The ANC 54th elective conference has come and gone with the larger expected Cyril Ramaphosa emerging as the new ANC leader but not with a confirmation of the whereabouts of 68 delegates’ votes.
It’s been confirmed that a meeting of the ANC’s steering committee is underway to investigate the “disappearance” of the said delegates votes during the just concluded conference.
According to a report from News24, only 4708 instead of 4776 total number of voting delegates who attended the conference actually voted. Hence, 68 votes are reportedly missing and the steering committee which is in charge of organizing the conference are expected to find out what actually happened.
Speaking on the media on plans to investigate the matter, an ANC senior delegate explained that the EleXion Agency, which conducted the election on the ANC’s behalf, need to explain what the votes of 68 delegates weren’t counted.
“They are there. They are voting delegates who voted. Why weren’t their votes counted?” asked the source.
The call for an urgent investigation into the missing votes was powered by supporters of Senzo Mchunu, the candidate who was defeated by Ace Magashule with a total vote of about 2360 as against his 2336. Mchunu is also a strong supporter of the Cyril Ramaphosa group while Ace Magashule is a strong ally of President Jacob Zuma.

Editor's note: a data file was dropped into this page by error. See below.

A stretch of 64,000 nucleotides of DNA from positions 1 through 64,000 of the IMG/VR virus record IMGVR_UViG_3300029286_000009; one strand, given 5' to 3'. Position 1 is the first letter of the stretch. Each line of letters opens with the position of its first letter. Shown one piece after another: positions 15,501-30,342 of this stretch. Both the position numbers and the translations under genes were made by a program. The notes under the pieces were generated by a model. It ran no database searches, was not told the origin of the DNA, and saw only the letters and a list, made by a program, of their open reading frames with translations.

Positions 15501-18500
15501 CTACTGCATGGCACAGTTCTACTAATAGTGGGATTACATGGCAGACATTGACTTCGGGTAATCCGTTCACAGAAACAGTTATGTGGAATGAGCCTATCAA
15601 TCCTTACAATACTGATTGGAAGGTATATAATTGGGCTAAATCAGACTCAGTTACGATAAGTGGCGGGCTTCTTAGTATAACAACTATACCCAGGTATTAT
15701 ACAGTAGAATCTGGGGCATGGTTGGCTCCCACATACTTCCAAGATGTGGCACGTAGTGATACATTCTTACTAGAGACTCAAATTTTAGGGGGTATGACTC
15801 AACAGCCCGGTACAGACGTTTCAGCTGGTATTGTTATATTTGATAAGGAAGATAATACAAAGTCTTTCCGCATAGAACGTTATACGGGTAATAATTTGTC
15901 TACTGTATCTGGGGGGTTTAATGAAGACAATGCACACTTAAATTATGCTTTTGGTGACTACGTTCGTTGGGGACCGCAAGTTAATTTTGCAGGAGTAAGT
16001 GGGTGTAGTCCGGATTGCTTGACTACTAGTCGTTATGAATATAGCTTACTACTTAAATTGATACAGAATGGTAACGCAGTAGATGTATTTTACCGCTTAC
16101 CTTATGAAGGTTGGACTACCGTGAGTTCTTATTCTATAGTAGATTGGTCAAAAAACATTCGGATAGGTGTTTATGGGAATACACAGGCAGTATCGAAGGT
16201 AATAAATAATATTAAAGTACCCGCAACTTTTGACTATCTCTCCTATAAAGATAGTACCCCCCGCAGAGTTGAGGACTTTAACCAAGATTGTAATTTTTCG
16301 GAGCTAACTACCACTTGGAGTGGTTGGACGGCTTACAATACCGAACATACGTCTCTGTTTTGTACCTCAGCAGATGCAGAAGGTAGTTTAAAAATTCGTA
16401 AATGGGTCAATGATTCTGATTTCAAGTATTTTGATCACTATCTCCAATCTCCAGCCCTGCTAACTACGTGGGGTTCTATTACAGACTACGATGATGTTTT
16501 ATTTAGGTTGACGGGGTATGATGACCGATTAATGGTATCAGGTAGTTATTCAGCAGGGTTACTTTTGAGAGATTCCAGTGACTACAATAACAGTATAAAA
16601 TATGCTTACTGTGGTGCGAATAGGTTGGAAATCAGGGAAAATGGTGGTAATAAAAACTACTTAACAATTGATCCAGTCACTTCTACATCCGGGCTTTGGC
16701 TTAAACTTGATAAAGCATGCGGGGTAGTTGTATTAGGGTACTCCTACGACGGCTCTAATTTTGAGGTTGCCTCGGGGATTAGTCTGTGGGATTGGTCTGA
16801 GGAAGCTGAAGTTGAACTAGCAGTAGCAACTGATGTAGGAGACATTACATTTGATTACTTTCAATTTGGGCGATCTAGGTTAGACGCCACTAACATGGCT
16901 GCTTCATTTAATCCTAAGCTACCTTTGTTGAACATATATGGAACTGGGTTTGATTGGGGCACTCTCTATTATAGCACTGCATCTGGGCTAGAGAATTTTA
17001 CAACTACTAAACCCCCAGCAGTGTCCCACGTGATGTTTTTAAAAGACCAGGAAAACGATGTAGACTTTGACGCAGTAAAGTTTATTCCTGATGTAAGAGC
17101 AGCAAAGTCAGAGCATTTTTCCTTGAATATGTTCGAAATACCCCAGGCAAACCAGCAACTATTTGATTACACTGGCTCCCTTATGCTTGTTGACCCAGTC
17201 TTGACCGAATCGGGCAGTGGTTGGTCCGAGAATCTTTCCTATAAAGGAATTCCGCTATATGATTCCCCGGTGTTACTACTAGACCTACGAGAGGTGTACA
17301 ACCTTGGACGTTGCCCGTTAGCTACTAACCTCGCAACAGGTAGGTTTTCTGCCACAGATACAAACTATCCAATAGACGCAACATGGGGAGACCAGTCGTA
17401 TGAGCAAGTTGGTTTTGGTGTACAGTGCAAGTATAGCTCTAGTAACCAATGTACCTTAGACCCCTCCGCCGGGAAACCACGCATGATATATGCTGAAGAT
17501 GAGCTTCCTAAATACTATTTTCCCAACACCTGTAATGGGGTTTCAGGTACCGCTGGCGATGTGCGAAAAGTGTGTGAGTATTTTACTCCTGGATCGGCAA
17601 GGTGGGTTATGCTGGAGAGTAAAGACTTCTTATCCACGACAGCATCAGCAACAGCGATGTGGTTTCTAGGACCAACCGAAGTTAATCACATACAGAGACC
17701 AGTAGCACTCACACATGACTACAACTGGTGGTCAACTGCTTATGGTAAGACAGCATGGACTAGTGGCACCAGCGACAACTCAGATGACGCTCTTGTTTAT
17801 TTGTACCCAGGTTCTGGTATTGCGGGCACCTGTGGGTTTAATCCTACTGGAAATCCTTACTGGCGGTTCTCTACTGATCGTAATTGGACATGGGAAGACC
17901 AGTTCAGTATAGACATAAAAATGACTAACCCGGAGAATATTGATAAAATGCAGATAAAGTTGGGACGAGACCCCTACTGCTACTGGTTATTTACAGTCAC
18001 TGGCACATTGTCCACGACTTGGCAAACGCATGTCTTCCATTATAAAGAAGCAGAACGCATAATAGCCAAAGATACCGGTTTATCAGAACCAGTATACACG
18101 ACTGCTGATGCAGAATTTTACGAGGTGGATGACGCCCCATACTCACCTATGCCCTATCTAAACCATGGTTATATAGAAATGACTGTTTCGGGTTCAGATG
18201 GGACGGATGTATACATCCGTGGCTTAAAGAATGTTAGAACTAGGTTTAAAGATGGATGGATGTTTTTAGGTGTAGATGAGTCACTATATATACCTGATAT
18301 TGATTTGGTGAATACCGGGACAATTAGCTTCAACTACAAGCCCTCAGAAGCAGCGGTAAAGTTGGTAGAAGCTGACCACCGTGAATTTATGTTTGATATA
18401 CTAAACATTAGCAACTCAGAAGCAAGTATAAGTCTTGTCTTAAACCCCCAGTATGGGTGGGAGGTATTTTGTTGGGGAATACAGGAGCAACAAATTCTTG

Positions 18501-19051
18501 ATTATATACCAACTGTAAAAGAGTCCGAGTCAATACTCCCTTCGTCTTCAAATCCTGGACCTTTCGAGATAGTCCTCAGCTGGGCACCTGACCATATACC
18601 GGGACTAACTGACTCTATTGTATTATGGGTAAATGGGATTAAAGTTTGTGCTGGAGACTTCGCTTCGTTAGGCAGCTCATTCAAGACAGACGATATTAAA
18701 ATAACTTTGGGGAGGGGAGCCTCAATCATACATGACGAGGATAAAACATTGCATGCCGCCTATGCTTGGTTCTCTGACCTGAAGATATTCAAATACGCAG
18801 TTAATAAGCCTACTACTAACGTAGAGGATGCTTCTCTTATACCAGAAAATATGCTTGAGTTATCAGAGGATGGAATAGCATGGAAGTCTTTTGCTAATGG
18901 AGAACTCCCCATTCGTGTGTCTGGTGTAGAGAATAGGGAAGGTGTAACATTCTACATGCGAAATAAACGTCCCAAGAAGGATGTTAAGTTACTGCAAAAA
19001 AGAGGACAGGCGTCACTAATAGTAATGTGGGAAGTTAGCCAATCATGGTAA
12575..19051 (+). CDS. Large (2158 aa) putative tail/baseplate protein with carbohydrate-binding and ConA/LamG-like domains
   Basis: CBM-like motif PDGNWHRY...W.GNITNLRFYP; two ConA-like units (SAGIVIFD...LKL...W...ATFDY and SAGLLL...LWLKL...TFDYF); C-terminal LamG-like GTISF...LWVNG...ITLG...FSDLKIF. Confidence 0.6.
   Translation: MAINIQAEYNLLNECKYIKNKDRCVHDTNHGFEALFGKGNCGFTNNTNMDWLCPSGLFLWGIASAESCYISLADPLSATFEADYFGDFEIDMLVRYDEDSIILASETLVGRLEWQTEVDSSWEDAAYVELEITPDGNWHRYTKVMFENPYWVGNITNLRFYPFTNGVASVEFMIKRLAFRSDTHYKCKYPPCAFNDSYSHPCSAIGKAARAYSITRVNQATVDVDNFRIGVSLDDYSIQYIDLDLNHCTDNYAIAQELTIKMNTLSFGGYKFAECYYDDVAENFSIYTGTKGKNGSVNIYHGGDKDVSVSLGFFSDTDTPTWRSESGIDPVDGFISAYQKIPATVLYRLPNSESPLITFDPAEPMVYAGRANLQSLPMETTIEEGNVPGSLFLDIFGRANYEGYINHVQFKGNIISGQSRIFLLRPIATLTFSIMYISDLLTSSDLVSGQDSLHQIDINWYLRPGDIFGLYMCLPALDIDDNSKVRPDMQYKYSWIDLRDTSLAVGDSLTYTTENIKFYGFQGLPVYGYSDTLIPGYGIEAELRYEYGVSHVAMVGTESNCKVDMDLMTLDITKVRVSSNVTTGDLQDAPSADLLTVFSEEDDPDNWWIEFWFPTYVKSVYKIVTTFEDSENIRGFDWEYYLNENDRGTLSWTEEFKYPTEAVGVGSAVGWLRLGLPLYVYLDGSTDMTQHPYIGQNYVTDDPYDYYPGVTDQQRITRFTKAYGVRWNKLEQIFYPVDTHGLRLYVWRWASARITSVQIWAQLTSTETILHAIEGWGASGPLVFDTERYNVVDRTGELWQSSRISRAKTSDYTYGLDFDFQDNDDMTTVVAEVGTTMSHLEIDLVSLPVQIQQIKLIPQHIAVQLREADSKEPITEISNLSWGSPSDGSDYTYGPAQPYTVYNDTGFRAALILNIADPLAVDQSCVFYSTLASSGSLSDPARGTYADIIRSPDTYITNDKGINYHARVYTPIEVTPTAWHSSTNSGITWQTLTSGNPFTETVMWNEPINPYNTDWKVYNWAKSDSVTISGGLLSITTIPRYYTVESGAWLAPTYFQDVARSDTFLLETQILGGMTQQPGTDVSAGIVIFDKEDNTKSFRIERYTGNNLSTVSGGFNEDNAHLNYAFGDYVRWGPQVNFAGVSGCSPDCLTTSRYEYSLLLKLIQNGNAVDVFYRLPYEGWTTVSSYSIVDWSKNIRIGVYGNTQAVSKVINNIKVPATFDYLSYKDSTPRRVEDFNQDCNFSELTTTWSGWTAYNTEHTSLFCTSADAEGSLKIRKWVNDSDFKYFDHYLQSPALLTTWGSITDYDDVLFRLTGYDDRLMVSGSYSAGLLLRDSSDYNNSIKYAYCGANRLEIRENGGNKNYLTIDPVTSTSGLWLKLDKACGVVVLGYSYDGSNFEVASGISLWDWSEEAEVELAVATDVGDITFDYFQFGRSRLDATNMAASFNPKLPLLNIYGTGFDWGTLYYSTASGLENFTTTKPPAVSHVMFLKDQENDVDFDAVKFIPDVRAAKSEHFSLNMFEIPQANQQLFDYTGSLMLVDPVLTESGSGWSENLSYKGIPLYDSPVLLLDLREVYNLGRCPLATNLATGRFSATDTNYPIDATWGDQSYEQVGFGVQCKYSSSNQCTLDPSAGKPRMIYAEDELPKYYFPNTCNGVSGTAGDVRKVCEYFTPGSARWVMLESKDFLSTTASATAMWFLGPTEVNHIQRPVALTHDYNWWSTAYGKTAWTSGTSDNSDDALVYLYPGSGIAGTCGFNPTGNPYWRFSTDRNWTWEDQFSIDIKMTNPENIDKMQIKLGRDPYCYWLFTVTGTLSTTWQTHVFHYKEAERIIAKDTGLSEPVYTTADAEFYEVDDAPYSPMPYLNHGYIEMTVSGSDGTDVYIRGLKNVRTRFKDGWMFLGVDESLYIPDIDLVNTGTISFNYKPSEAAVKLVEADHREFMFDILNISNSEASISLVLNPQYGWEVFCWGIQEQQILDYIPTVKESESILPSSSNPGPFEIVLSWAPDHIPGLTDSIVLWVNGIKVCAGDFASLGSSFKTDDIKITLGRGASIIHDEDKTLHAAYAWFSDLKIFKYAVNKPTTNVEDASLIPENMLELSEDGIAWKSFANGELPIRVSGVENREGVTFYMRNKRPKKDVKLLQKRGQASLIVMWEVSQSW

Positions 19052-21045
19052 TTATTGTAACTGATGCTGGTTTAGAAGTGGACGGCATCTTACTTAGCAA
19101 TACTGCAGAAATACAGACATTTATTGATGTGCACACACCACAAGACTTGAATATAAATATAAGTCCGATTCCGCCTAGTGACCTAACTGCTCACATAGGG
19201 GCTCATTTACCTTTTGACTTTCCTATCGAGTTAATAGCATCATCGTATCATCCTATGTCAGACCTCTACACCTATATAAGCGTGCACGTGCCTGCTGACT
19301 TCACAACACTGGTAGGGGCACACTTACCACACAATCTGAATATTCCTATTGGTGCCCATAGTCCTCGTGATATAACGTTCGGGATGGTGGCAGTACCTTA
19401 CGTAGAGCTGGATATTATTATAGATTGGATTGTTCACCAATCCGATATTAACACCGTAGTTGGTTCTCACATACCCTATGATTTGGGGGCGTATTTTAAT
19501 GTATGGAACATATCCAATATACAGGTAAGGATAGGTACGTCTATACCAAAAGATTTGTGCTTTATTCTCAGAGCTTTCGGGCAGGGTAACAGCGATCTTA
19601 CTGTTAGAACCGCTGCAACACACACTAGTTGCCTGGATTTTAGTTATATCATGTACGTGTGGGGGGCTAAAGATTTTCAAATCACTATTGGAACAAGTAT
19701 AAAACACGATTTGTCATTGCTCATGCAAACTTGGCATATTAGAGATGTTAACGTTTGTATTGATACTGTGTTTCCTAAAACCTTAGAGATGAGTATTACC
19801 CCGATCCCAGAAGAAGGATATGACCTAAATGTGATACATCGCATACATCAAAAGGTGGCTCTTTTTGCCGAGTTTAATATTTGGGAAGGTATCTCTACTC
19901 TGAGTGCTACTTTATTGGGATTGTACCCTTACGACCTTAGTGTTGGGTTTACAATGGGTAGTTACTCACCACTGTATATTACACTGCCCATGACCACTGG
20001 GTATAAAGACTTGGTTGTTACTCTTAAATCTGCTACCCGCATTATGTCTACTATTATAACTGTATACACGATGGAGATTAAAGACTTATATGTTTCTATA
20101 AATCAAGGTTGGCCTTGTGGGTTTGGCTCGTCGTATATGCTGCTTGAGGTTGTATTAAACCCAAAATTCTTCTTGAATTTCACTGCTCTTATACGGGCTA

Ramaphosa’s emergence as new ANC president, though did not come as a major shock to many following the mass endorsements he receives from the public, it came as a big blow both the Dlamini-Zuma group and mostly to the Gupta family.
Columnist Max Du Preez, however, refers to Matamela Cyril Ramaphosa as probably the best President meant to bring a positive change in the ANC.
Du Preez, like many other business-minded individuals in South Africa, believes that Ramaphosa will help to restore some market confidence in the economy and go a long way in pulling the country back from fiscal populism and state capture.
Ramaphosa ran his campaign on a message of clean government and has had huge public support from business, and the result, according to Du Preez, is a massive win for South Africa in the sense that “it represents the second to last nail in Jacob Zuma’s coffin.”